In Utah, the second driest state in the nation, it's possible to grow a successful vegetable garden and avoid being called a water hog.
From installing more efficient irrigation systems to applying mulch or even just watering at the right time of day, it's possible to garden with less H2O, said Katie Wagner, a member of Utah State University Extension's horticulture faculty.
"Sometimes we think plants need more water than they really do," said Wagner, one of several Salt Lake City experts we contacted in advance of Earth Day on Friday, April 22. They offered these seven tips to grow a vegetable garden with less water...
Plant fruits and vegetables that grow well together in the same small plot of soil, says Ashley Patterson, executive director of Wasatch Community Gardens. The method, called companion planting, has been around for more than 2,000 years, "long before irrigation systems," she said.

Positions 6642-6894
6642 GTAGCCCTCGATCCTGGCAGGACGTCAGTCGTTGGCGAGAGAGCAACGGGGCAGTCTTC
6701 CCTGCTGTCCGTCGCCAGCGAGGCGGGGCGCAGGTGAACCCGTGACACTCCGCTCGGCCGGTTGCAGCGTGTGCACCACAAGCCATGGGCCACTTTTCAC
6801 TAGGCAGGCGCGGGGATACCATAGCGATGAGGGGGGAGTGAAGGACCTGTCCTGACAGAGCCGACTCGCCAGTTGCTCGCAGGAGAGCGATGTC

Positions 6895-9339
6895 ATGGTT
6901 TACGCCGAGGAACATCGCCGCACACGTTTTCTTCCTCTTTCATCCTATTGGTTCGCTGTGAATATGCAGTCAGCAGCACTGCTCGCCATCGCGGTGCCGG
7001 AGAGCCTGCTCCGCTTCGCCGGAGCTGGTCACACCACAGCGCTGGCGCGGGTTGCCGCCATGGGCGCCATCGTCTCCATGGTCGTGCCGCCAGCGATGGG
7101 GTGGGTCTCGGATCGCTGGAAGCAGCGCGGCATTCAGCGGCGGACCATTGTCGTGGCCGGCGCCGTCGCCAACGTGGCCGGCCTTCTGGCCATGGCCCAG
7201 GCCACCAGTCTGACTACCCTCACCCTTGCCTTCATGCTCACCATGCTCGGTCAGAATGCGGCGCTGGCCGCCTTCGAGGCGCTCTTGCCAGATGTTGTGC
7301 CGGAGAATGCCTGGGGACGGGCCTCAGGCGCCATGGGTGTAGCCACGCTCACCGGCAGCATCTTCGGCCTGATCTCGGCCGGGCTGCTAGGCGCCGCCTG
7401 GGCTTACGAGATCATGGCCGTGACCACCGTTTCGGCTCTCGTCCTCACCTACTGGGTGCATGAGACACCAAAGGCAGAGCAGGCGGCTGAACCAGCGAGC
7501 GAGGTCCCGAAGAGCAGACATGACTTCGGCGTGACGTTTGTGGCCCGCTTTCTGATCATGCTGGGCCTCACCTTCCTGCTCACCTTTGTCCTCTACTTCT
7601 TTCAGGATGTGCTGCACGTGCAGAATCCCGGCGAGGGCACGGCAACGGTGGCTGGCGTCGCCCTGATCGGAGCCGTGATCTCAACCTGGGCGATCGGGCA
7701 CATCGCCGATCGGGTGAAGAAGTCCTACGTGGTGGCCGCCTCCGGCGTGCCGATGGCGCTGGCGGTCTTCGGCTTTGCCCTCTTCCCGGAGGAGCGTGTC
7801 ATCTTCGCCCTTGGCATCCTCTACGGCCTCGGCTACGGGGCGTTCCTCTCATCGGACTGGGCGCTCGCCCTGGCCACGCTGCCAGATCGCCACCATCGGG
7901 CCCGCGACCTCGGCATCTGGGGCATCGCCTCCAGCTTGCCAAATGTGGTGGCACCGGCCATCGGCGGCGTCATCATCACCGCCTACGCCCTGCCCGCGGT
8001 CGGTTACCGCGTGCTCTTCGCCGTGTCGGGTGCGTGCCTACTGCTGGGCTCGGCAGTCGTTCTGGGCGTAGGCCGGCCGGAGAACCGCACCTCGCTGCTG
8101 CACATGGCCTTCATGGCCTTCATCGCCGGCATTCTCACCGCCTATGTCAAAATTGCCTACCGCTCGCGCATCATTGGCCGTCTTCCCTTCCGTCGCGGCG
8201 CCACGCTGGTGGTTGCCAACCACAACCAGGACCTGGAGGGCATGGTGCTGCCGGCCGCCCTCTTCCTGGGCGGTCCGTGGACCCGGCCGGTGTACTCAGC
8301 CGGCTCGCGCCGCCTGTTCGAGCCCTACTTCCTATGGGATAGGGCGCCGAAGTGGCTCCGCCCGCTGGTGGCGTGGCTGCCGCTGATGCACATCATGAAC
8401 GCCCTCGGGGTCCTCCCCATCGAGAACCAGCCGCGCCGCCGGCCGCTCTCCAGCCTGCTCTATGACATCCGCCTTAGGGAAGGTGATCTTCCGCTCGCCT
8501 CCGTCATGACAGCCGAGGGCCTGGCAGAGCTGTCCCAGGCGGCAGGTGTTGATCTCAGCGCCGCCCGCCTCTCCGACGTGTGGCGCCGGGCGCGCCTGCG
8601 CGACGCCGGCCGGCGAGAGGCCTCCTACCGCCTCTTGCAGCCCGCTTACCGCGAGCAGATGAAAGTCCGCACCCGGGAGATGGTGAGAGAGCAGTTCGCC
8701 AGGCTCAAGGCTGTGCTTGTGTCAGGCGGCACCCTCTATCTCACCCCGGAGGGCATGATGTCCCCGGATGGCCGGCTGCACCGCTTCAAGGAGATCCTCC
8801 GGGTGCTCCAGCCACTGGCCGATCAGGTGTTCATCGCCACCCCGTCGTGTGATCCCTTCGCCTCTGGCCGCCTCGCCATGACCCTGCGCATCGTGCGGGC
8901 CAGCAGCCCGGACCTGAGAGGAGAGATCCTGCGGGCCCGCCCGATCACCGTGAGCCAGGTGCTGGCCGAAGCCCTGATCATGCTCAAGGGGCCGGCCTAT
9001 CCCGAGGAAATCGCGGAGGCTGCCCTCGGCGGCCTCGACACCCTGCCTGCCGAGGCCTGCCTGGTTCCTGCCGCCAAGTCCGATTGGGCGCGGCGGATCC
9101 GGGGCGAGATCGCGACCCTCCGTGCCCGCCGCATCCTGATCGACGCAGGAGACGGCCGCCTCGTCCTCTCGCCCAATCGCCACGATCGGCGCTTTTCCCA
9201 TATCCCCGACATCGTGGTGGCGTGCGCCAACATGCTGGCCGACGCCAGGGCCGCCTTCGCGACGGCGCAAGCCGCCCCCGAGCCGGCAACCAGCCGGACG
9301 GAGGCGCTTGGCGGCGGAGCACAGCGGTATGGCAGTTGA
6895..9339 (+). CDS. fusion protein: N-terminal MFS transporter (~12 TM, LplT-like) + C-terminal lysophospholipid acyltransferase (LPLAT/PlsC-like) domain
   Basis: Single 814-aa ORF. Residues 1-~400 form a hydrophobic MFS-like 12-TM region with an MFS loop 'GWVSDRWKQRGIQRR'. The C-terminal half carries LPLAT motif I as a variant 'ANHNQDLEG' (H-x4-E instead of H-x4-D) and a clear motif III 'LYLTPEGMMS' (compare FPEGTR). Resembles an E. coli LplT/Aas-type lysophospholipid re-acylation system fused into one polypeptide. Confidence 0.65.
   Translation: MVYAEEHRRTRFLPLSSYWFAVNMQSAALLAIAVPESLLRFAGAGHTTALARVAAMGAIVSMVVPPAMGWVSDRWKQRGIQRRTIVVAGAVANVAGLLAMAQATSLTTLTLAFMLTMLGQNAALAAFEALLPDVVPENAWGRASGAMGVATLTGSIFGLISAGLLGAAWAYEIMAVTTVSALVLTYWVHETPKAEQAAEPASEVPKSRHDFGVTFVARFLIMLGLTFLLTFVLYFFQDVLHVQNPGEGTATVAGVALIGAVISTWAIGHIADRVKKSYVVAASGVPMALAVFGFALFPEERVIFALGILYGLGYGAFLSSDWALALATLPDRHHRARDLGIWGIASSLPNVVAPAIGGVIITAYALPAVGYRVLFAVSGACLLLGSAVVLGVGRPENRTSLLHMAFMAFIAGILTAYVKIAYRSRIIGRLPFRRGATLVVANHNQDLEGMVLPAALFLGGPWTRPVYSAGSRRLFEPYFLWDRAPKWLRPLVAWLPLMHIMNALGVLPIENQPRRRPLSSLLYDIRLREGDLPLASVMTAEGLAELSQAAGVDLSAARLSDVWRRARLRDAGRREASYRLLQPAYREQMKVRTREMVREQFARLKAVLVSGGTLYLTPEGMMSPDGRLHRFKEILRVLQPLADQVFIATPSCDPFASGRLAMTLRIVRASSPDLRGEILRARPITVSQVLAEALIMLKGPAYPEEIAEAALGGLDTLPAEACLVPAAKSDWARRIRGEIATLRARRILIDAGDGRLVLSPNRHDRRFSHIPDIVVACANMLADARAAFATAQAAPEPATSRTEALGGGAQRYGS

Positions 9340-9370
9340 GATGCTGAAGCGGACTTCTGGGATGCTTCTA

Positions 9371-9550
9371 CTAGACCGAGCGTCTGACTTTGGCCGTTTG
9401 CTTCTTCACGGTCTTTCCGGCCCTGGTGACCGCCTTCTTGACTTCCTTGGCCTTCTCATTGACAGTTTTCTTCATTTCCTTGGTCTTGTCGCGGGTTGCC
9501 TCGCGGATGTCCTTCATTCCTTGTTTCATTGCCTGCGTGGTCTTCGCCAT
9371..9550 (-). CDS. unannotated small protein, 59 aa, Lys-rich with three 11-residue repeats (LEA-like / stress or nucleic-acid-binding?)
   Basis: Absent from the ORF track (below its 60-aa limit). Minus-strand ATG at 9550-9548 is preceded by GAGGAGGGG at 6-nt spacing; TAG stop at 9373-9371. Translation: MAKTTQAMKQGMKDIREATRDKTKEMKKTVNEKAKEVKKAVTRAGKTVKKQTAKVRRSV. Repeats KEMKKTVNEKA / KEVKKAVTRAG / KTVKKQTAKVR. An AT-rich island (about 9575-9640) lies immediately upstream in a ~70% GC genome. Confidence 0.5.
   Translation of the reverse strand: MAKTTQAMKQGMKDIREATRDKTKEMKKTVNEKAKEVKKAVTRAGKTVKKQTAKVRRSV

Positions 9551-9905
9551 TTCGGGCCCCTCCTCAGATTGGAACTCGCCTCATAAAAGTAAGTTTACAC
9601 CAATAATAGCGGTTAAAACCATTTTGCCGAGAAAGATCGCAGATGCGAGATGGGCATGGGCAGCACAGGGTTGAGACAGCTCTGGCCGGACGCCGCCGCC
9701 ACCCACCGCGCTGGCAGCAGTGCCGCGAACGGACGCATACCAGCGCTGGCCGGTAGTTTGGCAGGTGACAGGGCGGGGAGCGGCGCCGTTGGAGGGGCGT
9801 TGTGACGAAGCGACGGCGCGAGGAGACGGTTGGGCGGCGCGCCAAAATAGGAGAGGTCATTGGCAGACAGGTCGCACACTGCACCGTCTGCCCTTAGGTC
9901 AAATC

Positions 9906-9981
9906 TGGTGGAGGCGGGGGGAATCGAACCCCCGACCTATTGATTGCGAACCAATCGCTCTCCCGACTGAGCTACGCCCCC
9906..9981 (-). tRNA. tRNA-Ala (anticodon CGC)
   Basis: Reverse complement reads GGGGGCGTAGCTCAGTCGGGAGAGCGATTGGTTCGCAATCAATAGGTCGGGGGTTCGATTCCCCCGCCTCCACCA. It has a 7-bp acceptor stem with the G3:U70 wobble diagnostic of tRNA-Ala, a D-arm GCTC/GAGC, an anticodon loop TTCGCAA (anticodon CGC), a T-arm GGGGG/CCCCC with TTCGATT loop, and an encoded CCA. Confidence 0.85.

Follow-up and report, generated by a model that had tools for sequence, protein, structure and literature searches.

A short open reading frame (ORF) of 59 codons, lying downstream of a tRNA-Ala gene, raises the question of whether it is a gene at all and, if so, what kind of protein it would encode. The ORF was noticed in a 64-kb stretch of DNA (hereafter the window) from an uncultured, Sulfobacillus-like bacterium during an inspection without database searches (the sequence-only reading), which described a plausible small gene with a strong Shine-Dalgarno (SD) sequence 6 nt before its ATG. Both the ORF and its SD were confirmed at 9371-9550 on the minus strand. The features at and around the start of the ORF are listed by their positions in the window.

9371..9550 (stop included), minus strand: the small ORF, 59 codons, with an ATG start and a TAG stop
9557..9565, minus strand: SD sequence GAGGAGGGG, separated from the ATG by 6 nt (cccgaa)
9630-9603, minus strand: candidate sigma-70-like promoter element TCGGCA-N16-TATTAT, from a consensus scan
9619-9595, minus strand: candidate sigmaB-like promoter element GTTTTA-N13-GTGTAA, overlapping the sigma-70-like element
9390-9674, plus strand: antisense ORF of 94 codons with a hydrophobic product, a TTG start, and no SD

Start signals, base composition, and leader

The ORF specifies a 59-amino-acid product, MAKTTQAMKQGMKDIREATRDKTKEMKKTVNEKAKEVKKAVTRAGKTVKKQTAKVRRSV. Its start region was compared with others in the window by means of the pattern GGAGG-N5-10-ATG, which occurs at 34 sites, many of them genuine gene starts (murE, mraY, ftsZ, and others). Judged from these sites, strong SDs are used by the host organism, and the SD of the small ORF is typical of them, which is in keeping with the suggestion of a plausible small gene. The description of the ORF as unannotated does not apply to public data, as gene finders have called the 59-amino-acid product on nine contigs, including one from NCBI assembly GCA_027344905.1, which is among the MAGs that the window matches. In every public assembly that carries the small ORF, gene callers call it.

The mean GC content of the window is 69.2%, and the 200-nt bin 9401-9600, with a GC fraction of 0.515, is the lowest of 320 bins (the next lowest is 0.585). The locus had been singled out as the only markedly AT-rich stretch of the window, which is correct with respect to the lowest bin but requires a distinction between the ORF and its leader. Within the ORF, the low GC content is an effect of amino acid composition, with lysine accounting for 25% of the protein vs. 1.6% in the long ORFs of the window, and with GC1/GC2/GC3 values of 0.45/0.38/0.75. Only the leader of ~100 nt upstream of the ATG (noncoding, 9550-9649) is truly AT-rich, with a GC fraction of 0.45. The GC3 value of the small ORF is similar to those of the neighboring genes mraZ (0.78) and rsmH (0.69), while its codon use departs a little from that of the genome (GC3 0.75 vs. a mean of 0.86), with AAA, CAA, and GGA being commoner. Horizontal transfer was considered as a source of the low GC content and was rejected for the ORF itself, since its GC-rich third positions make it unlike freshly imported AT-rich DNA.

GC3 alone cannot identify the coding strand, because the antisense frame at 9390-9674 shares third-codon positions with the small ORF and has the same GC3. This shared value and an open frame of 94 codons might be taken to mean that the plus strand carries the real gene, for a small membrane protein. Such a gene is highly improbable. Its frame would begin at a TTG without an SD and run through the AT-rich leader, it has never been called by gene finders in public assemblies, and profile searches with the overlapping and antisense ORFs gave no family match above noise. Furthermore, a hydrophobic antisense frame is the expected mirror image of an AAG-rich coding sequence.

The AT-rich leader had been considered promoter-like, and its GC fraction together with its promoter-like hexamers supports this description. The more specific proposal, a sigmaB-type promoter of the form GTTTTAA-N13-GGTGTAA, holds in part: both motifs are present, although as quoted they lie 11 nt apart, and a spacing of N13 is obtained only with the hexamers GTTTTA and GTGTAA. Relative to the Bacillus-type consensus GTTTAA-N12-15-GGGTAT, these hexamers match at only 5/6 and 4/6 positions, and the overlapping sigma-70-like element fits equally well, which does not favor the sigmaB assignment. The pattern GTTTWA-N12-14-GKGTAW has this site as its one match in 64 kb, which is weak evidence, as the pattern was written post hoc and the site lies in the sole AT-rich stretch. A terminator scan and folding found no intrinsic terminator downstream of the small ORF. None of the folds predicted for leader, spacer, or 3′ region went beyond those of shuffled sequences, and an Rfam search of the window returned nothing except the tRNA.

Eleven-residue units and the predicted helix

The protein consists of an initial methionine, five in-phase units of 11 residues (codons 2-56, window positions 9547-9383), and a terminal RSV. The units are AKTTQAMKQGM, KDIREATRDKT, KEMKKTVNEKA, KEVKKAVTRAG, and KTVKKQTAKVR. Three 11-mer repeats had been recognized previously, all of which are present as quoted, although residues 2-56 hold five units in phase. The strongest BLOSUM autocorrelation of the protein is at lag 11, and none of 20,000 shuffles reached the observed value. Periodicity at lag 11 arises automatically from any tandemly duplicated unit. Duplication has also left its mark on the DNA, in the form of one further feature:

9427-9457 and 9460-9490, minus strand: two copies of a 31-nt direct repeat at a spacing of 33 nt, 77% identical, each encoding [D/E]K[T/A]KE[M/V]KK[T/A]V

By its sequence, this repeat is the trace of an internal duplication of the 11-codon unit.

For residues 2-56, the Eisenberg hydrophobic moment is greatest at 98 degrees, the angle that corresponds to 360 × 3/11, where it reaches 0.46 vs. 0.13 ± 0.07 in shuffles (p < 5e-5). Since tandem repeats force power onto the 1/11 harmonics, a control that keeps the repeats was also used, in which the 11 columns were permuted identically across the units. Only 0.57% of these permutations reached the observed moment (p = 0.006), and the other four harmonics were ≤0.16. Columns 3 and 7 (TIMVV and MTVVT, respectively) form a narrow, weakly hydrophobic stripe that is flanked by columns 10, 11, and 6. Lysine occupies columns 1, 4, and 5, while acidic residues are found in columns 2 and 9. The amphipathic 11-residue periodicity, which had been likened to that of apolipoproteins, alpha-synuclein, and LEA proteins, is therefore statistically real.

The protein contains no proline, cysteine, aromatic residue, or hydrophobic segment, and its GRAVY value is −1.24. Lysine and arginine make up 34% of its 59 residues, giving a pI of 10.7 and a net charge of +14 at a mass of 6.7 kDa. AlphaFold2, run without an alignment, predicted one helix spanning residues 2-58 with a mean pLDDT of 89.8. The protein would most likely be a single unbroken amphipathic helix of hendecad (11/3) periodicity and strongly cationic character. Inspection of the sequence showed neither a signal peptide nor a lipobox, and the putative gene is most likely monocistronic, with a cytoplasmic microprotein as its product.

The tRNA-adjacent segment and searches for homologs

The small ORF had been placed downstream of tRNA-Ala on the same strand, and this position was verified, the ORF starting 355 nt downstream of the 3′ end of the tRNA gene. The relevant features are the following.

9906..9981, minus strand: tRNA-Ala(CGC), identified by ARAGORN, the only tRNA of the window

The most popular companion trio is the three sisters: corn, beans and squash. Tall cornstalks provide a structural support for the climbing beans, the beans return nitrogen back into the soil, and the squash spreads across the soil, acting as a mulch and keeping the soil cool. Other good garden companions include basil and tomatoes; and strawberries with onions, spinach and thyme.